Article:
During a short trip to San Sebastián in 2016, Aristotle Roufanis was fascinated by how the locals would every day run to the sea after work and hastily throw their clothes off in order to bask in the sun. The popular resort town on Spain’s northern coast—not far from the French border—is famous for its spectacular bay lined with wide sandy beaches; but in Insolation, the photographer seeks to capture an impression quite different from the stereotypical image of people relaxing on a perfect beach. Golden sands and blue waters are presented in dark tones, and the carefree swimmers are rendered as dark figures that hardly betray any sign of gender, clothing or identity.
Taken during sunset when the sun cast its final rays, the photos of this series are seen by Aristotle Roufanis as a kind of x-rays, hence their strong monochromatic palette. By carefully underexposing the photos while shooting, the photographer achieves this otherworldly effect of land and sea becoming black, and all that remains is the stark light bouncing off everything. This effect is what lends the series its name, since the main subject here isn’t as much the landscape or the people, as the meticulous way the light has been highlighted—creating the impression that everything material on the scene has magically disappeared and all we’re left with is pure, reflected light. If photography is about ways of seeing, then Insolation reveals Aristotle Roufanis’s sensibility in capturing that which is not immediately obvious, and the unconventional treatment of light and colour in the series is what makes this intention clear.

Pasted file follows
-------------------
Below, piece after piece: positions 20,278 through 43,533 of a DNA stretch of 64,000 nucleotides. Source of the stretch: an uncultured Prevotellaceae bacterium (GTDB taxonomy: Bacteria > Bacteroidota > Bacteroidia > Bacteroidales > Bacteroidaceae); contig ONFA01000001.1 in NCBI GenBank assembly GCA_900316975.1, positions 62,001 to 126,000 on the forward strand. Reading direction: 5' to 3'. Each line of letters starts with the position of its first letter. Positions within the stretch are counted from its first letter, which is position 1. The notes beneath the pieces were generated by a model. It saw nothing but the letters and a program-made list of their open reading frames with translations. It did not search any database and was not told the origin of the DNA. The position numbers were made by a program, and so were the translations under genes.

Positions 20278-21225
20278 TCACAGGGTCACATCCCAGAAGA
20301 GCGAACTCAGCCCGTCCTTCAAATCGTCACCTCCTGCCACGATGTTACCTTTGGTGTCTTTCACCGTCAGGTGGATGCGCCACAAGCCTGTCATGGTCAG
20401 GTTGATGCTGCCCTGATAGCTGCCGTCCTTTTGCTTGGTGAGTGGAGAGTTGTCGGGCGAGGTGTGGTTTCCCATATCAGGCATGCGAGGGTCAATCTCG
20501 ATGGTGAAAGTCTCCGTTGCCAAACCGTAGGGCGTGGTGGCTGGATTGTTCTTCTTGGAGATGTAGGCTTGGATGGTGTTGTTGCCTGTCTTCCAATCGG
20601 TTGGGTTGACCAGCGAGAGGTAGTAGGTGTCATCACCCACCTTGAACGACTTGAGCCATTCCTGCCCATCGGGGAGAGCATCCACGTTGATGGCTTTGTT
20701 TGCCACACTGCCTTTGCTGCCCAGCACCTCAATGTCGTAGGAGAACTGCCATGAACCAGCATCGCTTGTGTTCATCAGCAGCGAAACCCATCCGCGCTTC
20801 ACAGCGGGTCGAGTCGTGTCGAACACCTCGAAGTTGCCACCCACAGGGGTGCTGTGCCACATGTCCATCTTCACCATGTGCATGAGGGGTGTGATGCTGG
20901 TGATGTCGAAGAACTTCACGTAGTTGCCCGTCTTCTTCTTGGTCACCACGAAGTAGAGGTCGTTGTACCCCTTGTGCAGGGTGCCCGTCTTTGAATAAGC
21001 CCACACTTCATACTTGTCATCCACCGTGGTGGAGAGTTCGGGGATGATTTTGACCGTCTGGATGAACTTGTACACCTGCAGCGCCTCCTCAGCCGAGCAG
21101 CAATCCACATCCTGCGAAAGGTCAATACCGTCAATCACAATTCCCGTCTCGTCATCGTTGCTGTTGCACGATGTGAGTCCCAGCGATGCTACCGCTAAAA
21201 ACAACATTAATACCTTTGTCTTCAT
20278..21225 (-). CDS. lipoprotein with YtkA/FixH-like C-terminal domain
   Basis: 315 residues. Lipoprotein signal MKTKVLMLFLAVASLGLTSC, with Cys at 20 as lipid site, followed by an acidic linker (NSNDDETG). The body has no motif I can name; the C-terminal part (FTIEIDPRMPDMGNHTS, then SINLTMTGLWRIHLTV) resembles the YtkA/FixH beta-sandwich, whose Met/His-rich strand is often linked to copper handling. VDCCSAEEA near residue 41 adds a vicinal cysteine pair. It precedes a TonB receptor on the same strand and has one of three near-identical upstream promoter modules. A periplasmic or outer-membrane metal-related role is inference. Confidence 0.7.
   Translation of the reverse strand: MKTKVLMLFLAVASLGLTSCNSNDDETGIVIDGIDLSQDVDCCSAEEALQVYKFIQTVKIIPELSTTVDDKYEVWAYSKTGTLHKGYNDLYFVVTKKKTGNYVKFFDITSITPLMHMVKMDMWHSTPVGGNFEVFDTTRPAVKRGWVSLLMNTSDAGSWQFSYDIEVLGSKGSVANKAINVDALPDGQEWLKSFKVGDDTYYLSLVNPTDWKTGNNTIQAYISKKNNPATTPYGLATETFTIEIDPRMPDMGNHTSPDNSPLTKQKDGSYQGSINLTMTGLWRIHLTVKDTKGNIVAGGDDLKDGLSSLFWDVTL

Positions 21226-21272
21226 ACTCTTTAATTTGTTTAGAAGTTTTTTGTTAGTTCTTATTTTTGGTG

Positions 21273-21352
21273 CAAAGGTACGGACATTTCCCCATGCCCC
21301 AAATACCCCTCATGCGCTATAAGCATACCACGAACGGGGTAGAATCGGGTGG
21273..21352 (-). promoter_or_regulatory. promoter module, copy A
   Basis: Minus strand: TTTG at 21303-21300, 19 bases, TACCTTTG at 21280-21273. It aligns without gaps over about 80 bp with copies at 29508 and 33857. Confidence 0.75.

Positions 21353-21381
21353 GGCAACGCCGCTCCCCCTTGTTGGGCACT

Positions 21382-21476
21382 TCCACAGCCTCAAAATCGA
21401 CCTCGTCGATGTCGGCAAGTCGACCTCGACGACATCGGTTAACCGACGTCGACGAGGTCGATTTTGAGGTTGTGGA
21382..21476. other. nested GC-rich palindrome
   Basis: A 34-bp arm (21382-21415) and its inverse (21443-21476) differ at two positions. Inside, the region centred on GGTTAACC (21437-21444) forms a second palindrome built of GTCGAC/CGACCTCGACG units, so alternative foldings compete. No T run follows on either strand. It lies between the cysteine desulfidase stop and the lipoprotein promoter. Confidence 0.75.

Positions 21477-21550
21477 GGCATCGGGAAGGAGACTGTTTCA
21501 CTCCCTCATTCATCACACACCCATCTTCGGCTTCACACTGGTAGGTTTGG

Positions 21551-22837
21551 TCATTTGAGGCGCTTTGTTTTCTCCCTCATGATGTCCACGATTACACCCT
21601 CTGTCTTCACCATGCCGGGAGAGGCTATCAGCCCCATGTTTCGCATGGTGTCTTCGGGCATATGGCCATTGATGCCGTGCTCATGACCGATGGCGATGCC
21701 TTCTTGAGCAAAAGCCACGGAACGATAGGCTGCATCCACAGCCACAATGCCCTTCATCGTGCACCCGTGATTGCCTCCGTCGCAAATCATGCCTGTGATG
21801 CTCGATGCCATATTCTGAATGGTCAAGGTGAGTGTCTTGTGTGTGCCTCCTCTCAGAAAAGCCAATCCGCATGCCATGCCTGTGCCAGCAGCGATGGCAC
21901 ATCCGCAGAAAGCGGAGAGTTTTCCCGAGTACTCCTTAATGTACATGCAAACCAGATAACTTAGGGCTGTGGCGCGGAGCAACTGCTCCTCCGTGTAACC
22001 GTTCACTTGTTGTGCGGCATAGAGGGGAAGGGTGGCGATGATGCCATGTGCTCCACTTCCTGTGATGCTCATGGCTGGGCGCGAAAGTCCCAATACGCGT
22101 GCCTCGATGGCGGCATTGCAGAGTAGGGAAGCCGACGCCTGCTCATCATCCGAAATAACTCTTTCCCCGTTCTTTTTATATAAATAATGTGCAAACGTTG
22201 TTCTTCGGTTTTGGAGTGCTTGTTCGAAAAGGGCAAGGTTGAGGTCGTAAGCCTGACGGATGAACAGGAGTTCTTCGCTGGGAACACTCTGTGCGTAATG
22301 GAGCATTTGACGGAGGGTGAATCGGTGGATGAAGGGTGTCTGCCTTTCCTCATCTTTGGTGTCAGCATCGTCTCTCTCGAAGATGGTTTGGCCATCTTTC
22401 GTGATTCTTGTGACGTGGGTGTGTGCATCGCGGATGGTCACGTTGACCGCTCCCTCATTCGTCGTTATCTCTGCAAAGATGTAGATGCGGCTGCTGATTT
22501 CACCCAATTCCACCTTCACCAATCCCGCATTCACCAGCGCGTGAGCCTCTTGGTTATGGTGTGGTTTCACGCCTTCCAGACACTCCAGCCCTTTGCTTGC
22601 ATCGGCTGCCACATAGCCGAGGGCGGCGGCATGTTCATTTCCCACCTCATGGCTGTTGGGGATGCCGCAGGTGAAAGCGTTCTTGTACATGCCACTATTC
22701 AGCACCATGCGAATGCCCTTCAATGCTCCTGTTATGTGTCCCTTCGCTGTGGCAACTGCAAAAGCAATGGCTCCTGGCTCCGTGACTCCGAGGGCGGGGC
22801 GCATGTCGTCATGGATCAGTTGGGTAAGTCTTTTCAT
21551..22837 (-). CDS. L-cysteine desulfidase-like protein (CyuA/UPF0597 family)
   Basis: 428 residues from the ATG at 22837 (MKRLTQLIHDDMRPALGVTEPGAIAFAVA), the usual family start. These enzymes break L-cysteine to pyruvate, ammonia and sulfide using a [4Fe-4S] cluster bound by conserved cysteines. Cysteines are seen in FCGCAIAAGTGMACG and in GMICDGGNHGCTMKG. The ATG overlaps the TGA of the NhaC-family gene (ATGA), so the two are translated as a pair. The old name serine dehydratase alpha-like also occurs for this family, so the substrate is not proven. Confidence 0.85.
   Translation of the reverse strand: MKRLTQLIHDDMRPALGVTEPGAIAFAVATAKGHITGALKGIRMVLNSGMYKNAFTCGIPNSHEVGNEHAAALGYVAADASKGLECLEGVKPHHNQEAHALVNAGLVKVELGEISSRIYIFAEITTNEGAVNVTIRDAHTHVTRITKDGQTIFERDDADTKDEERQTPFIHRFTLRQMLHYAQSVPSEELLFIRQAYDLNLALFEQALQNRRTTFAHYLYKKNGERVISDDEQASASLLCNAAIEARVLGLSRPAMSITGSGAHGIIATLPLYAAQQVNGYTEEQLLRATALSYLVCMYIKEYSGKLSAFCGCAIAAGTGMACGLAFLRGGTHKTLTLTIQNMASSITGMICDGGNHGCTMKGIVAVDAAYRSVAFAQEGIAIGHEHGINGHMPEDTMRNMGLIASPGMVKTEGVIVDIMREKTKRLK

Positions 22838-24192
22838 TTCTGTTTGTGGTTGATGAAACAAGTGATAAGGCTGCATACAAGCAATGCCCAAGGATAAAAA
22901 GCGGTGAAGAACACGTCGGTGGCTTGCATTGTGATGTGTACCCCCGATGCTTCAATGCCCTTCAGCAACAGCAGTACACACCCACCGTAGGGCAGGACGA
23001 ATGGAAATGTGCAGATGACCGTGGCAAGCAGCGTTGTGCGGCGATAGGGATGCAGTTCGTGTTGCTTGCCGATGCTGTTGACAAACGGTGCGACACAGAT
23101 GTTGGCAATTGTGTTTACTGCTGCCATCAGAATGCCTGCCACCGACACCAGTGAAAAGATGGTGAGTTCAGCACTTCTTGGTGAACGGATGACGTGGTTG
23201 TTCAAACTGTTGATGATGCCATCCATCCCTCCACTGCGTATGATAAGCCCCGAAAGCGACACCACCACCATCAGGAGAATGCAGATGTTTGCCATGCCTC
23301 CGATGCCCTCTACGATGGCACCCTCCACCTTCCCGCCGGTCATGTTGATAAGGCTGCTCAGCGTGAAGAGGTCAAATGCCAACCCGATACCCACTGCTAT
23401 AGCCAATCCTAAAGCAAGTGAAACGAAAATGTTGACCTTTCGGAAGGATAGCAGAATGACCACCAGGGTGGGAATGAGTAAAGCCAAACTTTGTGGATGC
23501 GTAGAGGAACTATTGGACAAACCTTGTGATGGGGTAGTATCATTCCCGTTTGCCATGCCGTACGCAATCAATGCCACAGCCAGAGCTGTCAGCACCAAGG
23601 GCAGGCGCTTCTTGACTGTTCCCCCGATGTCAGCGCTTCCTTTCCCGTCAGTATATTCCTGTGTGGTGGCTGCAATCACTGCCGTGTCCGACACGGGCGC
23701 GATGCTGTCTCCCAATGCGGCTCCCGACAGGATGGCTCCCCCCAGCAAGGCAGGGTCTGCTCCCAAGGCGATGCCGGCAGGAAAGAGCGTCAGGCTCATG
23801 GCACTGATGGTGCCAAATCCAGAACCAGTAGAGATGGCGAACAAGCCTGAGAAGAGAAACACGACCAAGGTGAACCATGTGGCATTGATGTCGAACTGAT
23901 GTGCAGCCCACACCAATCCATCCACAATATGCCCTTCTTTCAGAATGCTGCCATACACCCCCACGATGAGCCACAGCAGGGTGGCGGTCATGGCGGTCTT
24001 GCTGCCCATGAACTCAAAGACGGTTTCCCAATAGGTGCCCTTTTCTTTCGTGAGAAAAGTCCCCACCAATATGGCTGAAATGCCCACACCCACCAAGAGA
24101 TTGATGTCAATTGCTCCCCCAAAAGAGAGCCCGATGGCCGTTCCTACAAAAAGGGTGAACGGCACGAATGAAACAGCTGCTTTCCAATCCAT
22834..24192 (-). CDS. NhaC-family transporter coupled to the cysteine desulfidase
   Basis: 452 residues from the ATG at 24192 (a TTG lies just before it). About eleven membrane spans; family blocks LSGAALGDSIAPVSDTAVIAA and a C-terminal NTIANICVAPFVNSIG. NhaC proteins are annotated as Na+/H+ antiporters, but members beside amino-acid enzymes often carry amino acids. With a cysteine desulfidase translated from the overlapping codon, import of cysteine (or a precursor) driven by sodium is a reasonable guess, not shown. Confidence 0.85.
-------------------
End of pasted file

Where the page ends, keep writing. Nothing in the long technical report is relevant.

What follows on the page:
For Aristotle Roufanis, the penetrating light in Insolation poetically reveals the internal world of each person, and to some extend more than their physical appearance would. Also, by reducing each person in the photos to a very dark figure, the photographer allows most of the information to be conjured by our imagination, since we’re left with a blank that we can fill in as we please. The richness in texture seen in these photos is truly remarkable, especially in the way the sands and rippling waters seem to merge into one another to create surfaces that look neither liquid nor solid. The degree of compositional density in the series varies from minimalist emptiness to multilayered complexity, artfully transforming the pedestrian imagery of a day at the beach into distilled narratives of emotional acuteness.
Text by Kiriakos Spirou